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Japan Inc. sees PH among most promising investment destinations

Article - June 21, 2017

Japan’s diminishing domestic market, a result of its aging and shrinking population, has compelled Japanese companies to search overseas for new opportunities. Many are looking to the U.S. and Europe, but right on their doorstep is the massive market of the Philippines

With 103 million people, the Philippines is the 13th most populated country in the world and second most populated in the ASEAN region, with a GDP of close to $300 billion and annual growth averaging 6 percent.  Much like China and India, the large population offers up potential in the long-term for a large and sustainable demand-based economy.

The Philippines’ market potential has not gone unnoticed by Japanese Inc. In a survey conducted by the Japan Bank for International Cooperation last year, Japanese companies viewed the Philippines as one of the most promising markets for investments. The survey also concluded that manufacturing firms ranked the Philippines as the eighth most promising destination for overseas operations over the medium term, putting it ahead of its main regional rivals, Malaysia and Singapore.

The IMF estimates that GDP per capita passed the $3,000 mark for the first time in 2016. With salaries growing, the young and rising middle class in the Philippines are demanding more consumer items like cars, phones, laptops and electrical appliances – which presents big opportunities for Japanese manufacturers.

The car market, for example, is booming. Local industry players predict that by 2020, the Philippines will have one of the region’s largest car markets, and will account for 10 percent of total sales in the region. In 2016, Philippines car sales hit a peak of 359,572 units, a 24.6 percent increase on 2015.

Japan’s car manufacturers were amongst the big winners in 2016. According to the Nikkei Asian Review, Toyota Motor Philippines saw sales grow by 26.95 percent to 158,728 units, and cornered the leading market share, with 44.14 percent. Mitsubishi Motors Philippines, which captured a 17.08 percent market share, sold 61,400 units, up by 13.52 percent.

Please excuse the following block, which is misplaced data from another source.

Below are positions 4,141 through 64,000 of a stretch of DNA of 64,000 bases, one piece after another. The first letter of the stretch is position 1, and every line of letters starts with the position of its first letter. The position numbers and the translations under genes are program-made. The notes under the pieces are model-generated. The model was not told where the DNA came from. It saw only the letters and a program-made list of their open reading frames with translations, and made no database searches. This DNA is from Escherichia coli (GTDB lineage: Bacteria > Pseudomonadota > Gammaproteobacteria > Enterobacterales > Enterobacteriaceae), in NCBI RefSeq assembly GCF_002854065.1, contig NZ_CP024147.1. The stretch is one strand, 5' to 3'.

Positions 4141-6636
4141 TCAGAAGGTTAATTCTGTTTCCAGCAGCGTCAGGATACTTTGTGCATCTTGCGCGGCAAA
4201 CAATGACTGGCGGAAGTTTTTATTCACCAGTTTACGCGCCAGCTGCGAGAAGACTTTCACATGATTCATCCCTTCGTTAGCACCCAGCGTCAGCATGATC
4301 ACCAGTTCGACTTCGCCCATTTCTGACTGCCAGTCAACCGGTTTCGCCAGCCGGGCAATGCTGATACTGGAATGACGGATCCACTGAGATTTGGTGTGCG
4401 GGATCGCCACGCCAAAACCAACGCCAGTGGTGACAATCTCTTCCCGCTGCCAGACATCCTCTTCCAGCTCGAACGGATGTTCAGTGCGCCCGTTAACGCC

As a result of growing sales, both Toyota and Mitsubishi are set to establish production plants in the Philippines. In January, the latter announced that it was building a $632 million plant in Cikarang, West Java, which will open in the 2018 and have the capacity to produce 160,000 units.

“I was invited to visit the Toyota headquarters and manufacturing plants in Nagoya. And I saw the opportunity, especially with our growing Philippine economy,” says Alfred V. Ty, Co-Vice Chairman of GT Capital holdings, one of the Philippines largest corporations, which has interests in the power, auto and real estate industries.

Electronics manufacturers in Japan are also considering relocation to the Philippines, as demand for their products rises. Philexport trustee Francisco Ferrer said about 20 Japanese electronics companies in China are keen on relocating their operations to the Philippines next year amid higher wages in China and the high quality of the Filipino talent pool, according to a report by The Philippine Star.

“Among other factors, the need to diversify their own investment location drives Japanese companies into considering the Philippines,” says Guillermo M. Luz, Private Sector Chairman of the Philippines’ National Competitive Council.

“They have been heavily investing in China and are looking for opportunities outside as an alternative. While the Japanese companies remain in China, they are not going to keep investing in the same place. The search is who will be the plus one or the alternative location? The Philippines happens to be a good candidate as an investment destination.”

The Philippines manufacturing sectors include semiconductors, medical devices, automotive and consumer electronics. Some of the Japanese manufacturers to already operate in the country include Fujifilm, Murata Manufacturing, Canon Inc, and bicycle-part maker, Shimano, which built its first factory in the country in 2015.

As the economy and consumer demand continue to grow in the ASEAN region’s most promising investment destination, there is no doubt that more Japanese firms will follow the likes of Fujifilm, Canon and Mitsubishi to the Philippines over the coming years.